|Rumpelstiltskins daughter may not be able to spin straw into gold, but she is more than a match for a monarch whose greed has blighted an entire kingdom *Author: Stanley, Diane *Publication Date: 1997/04/01 *Binding Type: Hardcover *Grade Level: 1-2 *Language: English *Depth: 0.25 *Width: 9.50 *Height: 12.25|
From the Publisher:
0nce upon a time a miller's daughter was given an impossible task by a cruel and greedy king. She had to spin straw into gold. And who should show up to help her but an odd little man named Rumpelstiltskin.
According to tradition, the gold-bedazzled king and the miller's daughter are wed. But wait just a minute! This king is definitely not husband material, and there's someone else who is--a hardworking guy who's supportive and nice looking, and who really comes through in a pinch.
Why not marry Rumpelstiltskin?
In Diane Stanley's merry rethinking of the traditional tale, Rumpelstiltskin and the miller's daughter are wed...and then sixteen years later their only daughter is stuck in the same dilemma: She's been locked in a room full of straw to spin for a greedy king! She could call for help from her father, but this fairy-tale heroine has some canny plans of her own.
How Rumpelstiltskin's daughter sets things to rights in the troubled kingdom, while achieving a unique place for herself, makes for a wise and witty tale of kindness and cleverness rewarded. Diane Stanley's wickedly funny text and zesty illustrations put a delightful new spin on a classic fairy tale.Rumpelstiltskin's daughter may not be able to spin straw into gold, but she is more than a match for a monarch whose greed has blighted an entire kingdom.
In this takeoff on the familiar fairy tale, the miller's daughter decides to marry Rumpelstiltskin instead of the king. Years later, bent on revenge, the king arrives to steal away the couple's only daughter. Will Rumpelstiltskin's daughter be able to outwit the king?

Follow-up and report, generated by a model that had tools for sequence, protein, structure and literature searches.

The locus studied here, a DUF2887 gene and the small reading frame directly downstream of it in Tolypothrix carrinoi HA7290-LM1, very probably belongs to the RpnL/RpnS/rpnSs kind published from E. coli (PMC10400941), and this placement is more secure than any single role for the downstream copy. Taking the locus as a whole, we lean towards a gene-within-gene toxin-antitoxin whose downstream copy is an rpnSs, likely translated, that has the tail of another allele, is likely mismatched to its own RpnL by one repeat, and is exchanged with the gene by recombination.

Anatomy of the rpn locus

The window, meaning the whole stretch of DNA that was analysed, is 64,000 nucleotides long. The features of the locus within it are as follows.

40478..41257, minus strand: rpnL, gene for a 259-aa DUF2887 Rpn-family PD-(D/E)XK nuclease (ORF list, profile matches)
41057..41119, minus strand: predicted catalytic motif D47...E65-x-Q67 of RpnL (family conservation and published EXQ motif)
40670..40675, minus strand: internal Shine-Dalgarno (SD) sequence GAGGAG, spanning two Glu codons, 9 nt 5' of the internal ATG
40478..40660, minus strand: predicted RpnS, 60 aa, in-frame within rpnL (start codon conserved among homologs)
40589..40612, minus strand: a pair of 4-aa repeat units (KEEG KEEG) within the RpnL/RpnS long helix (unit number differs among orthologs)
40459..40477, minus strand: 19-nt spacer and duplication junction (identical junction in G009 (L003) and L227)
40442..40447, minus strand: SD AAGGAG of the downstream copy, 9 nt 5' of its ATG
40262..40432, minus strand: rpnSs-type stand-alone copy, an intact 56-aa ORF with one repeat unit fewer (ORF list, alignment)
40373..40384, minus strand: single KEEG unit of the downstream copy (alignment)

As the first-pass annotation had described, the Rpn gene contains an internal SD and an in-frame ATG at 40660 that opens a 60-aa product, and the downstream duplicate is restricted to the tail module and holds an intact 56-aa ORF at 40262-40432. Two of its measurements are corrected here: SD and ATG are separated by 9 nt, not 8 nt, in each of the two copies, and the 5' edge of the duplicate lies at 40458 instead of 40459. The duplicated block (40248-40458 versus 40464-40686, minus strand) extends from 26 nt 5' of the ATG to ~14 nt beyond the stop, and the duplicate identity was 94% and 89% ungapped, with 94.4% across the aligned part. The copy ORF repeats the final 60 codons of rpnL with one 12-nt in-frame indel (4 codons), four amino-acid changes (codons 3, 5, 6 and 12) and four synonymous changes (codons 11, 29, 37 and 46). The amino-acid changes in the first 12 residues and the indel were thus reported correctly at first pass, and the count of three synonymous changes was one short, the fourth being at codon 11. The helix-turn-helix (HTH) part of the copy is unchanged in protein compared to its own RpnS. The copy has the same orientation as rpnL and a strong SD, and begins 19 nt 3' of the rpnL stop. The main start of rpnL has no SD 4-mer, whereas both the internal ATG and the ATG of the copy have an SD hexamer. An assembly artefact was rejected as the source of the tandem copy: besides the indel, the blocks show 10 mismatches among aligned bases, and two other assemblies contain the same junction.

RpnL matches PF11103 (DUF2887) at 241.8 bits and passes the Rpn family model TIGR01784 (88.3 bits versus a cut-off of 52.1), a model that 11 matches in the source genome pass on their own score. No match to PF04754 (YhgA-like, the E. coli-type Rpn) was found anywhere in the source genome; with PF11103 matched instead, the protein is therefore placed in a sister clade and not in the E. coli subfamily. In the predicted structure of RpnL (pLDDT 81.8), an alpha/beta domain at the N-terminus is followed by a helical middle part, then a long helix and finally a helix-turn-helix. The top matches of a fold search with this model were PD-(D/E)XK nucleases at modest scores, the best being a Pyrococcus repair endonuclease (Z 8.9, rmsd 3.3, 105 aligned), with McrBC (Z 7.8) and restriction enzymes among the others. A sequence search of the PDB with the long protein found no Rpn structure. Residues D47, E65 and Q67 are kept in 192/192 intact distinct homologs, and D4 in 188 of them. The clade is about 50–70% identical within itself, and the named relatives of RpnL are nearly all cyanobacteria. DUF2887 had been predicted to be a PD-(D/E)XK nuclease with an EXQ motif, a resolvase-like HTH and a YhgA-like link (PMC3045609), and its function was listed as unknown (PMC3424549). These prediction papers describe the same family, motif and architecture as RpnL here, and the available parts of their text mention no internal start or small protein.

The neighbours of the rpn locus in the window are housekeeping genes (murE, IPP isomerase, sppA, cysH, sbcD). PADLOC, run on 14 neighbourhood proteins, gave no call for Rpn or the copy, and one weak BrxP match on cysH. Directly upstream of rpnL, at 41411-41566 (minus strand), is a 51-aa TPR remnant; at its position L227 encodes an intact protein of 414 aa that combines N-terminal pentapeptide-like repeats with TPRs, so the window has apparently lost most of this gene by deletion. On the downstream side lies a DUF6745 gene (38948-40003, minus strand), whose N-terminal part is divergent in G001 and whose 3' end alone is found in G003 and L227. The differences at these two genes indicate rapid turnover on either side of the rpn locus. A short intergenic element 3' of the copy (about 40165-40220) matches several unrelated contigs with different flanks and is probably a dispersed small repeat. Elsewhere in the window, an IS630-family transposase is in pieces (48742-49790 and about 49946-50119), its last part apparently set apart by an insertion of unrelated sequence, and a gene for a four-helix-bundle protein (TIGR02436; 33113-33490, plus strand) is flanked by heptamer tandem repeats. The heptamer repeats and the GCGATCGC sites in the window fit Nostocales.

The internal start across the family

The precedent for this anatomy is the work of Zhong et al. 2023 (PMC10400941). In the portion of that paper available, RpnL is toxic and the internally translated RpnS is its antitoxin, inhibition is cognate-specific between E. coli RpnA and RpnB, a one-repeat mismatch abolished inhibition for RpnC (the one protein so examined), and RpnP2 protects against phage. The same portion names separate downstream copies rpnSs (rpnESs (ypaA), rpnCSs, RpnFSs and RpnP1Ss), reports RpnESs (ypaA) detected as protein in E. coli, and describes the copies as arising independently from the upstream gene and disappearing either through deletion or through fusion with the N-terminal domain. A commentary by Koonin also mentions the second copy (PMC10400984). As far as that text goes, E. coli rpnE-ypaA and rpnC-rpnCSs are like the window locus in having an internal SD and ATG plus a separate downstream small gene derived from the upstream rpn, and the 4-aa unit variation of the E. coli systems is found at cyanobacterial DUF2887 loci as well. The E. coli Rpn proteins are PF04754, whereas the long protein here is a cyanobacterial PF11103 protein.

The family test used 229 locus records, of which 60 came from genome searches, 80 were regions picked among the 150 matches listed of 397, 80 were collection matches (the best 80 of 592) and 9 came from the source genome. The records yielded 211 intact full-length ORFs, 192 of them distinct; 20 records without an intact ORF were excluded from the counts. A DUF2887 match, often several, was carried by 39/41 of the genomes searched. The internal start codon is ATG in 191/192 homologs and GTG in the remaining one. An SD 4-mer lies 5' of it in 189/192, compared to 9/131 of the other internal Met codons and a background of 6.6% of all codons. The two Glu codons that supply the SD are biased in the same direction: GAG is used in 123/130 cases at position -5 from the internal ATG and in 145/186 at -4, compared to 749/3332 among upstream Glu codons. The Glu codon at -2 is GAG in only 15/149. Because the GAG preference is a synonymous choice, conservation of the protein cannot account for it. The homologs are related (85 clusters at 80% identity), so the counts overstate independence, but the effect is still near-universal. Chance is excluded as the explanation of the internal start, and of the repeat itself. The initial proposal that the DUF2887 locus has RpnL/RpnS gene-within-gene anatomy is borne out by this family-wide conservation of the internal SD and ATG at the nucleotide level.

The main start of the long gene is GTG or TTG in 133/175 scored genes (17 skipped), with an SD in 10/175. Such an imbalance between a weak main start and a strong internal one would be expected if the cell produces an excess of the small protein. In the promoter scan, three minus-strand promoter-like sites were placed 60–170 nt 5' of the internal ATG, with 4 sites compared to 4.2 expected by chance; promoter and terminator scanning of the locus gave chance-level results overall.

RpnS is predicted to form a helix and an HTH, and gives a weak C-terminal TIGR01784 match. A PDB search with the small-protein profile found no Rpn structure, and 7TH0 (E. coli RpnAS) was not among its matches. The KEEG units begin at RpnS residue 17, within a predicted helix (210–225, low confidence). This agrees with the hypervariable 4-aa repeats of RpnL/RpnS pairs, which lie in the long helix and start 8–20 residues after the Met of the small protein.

"Stanley plugs in quips and fast plot maneuvers to keep this tale hopping, but it's the detailed humorous illustrations that will entice readers, for she slightly alters her familiar style to encompass the comic pitch." 02/15/1997 New York Times Book Review
"A few caddish readers may find Diane Stanley's earnestness cloying, but her her prose is funny, and her labor-intensive, lavishly detailed illustrations have a wry, up-to-the-minute hipness." - Margaret Moorman 05/18/1997 Bulletin of the Center for Children's Books
"Stanley's retelling is witty, smart, and funny, and her full-color illustrations are the same. The characters are imbued with personality, the perspective is engagingly off-kilter, and the compositions draw in the viewer with delightful ease." - Janice M. Del Negro July/August 1997 San Francisco Chronicle Book Review
"Hope's success is conveyed verbally in tall-tale fashion and brought to life visually in finely detailed, framed cartoon-style illustrations. Stanley's pictures are full of action and outrageous humor, including touches--such as portraits on the palace walls that imitate well-known paintings and styles--that will appeal to adults who share this book with children." - Grace Ruth 06/29/1997